One of the most distinctive films on the festival circuit this year was Heart of a Dog, a 75-minute documentary in which performance artist and musician Laurie Anderson remembers the life and death of her beloved rat terrier, Lolabelle. The film was commissioned by the French-German TV channel Arte, which had been asking artists to make short personal essay films that tended to be very simple, running about 20 minutes in length. Anderson's outgrew that model — when she turned it in, she says, it was two years too late and about an hour too long.
Her finished piece combined snippets of animation, her own paintings, digitally processed 8mm footage, dog's-eye POV shots of Manhattan's West Village, and spoken-word narration considering everything from the 9/11 attacks and the surveillance state to Eastern philosophy and that time she broke her back at the swimming pool. Her late husband Lou Reed appears only very briefly, but his presence (and absence) are evident throughout. The resulting film premiered in September at the Telluride Film Festival before moving on to play festivals in Venice, Toronto, New York and Chicago. Acquired by Abramorama and HBO Documentary Films, it's now screening around North America in limited release before playing next year on HBO.
Anderson visited the Jacob Burns Film Center in Pleasantville, New York, this week for a showing of the film and an on-stage Q&A with director Jonathan Demme, who first worked with her on his 1986 film Something Wild. The conversation ranged from the question of whether Lolabelle actually carried a camera ("She did shoot some things early, but we didn't use anything that she shot because they tended to be just crotch shots," Anderson quipped) to the absence of Anderson's father from any of the assembled family home movies ("he's where all the dads are — he's the DP," she said), but Anderson kept returning to comments about the simplicity of the film. (As she told Film Comment earlier this year, "My little movie was in the Venice Film Festival, and it was probably less than lunch budget for one day of any of the other films.") Below is the film's trailer, followed by some key excerpts from the conversation as they apply to personal filmmaking.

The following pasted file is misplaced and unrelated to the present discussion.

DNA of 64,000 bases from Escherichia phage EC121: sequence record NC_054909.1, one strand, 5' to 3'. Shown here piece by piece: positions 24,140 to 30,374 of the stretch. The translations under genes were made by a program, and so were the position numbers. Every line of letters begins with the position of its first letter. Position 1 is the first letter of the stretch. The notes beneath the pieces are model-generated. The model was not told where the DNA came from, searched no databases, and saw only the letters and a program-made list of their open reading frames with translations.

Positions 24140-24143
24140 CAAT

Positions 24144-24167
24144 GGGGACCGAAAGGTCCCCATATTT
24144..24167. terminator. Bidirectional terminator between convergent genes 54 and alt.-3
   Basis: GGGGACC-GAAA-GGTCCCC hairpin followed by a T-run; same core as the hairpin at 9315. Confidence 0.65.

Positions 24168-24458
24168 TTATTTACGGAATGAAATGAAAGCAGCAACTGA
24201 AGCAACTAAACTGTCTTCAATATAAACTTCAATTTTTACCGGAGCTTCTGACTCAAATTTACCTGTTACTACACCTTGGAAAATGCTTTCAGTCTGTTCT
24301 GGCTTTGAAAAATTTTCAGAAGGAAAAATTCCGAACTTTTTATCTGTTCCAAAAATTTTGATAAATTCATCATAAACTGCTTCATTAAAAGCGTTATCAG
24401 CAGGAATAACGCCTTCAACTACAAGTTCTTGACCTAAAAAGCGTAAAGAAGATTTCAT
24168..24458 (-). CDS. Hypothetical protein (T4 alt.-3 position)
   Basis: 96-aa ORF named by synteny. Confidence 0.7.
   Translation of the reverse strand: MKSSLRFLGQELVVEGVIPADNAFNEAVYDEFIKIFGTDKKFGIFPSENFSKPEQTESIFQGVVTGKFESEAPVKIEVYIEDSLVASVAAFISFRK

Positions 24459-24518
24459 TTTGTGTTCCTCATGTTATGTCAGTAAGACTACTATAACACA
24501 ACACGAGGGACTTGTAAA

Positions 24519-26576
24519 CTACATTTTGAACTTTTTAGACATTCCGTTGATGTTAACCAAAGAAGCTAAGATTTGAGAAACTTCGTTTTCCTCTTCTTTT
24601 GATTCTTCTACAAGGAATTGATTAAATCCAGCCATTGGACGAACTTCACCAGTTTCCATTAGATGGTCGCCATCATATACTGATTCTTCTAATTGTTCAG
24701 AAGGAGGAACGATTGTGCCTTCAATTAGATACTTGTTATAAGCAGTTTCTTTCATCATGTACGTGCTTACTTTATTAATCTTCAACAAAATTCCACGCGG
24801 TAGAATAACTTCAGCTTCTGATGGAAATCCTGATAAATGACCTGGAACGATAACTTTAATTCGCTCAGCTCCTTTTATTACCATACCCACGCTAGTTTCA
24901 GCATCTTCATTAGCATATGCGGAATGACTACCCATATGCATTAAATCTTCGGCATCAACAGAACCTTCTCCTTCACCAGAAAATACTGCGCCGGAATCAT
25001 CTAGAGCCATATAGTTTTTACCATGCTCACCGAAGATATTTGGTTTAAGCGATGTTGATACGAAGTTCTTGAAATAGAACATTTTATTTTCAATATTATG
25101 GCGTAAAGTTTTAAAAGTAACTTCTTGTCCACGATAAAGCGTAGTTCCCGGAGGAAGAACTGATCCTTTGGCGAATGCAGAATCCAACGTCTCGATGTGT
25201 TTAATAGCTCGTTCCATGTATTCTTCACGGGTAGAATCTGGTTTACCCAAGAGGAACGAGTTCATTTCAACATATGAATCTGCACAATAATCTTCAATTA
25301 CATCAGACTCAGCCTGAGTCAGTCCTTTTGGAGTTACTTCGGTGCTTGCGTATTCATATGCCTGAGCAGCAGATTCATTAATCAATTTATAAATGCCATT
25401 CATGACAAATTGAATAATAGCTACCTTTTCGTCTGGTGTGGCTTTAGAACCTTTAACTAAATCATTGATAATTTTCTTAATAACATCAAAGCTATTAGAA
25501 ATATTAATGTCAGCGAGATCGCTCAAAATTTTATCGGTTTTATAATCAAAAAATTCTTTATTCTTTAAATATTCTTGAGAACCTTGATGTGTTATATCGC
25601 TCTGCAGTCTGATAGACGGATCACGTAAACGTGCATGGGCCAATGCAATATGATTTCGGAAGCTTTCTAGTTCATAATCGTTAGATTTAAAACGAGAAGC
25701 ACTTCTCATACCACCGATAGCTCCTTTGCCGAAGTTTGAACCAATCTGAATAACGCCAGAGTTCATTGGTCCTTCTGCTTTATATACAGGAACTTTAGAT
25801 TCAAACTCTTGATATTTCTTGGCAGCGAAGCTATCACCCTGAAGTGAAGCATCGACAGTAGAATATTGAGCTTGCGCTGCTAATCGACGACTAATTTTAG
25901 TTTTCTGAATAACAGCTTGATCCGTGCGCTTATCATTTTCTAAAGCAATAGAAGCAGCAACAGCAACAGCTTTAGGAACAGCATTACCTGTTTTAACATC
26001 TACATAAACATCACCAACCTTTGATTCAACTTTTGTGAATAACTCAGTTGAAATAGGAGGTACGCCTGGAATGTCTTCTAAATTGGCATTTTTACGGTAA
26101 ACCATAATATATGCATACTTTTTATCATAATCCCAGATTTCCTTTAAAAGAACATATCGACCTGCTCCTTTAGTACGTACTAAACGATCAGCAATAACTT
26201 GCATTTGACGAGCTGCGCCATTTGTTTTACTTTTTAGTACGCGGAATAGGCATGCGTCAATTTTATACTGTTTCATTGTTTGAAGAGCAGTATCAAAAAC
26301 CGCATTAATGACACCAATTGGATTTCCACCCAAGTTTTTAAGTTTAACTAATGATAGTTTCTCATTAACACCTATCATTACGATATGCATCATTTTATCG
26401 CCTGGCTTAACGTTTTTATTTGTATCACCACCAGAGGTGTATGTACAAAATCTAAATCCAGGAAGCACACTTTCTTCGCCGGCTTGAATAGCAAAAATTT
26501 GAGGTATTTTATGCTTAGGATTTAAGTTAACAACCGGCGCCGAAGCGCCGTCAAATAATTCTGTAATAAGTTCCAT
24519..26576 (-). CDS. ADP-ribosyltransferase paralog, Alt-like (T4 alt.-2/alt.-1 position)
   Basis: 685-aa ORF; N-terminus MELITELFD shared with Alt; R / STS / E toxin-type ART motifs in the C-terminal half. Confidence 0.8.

1.) Filmmaking technology can be simple. "A lot of this was done with iPhones and [Canon] 5D cameras — very small cameras in a very casual way," Anderson said. Viewers of an early cut of the film were taken by the sound of Anderson's voiceover against a silent backdrop and urged her not to add any music but, as a musician, she felt that would be too minimalist an approach. Co-producer Dan Janvey suggested she create a soundtrack using only strings. "I began to realize how many of my favorite movies are just strings," she recalled. "They have no beat. I wanted to make something so that your eye would be very rhythmic. As soon as you have beats, it relates to a cut. So I wanted the eye to be very rhythmic and free, so that's how the so-called score was made. Effectively, it was just me looking at my laptop playing violin and adding some songs. Done in, again, a very casual way. Any time something seemed too busy, I would just make it simple."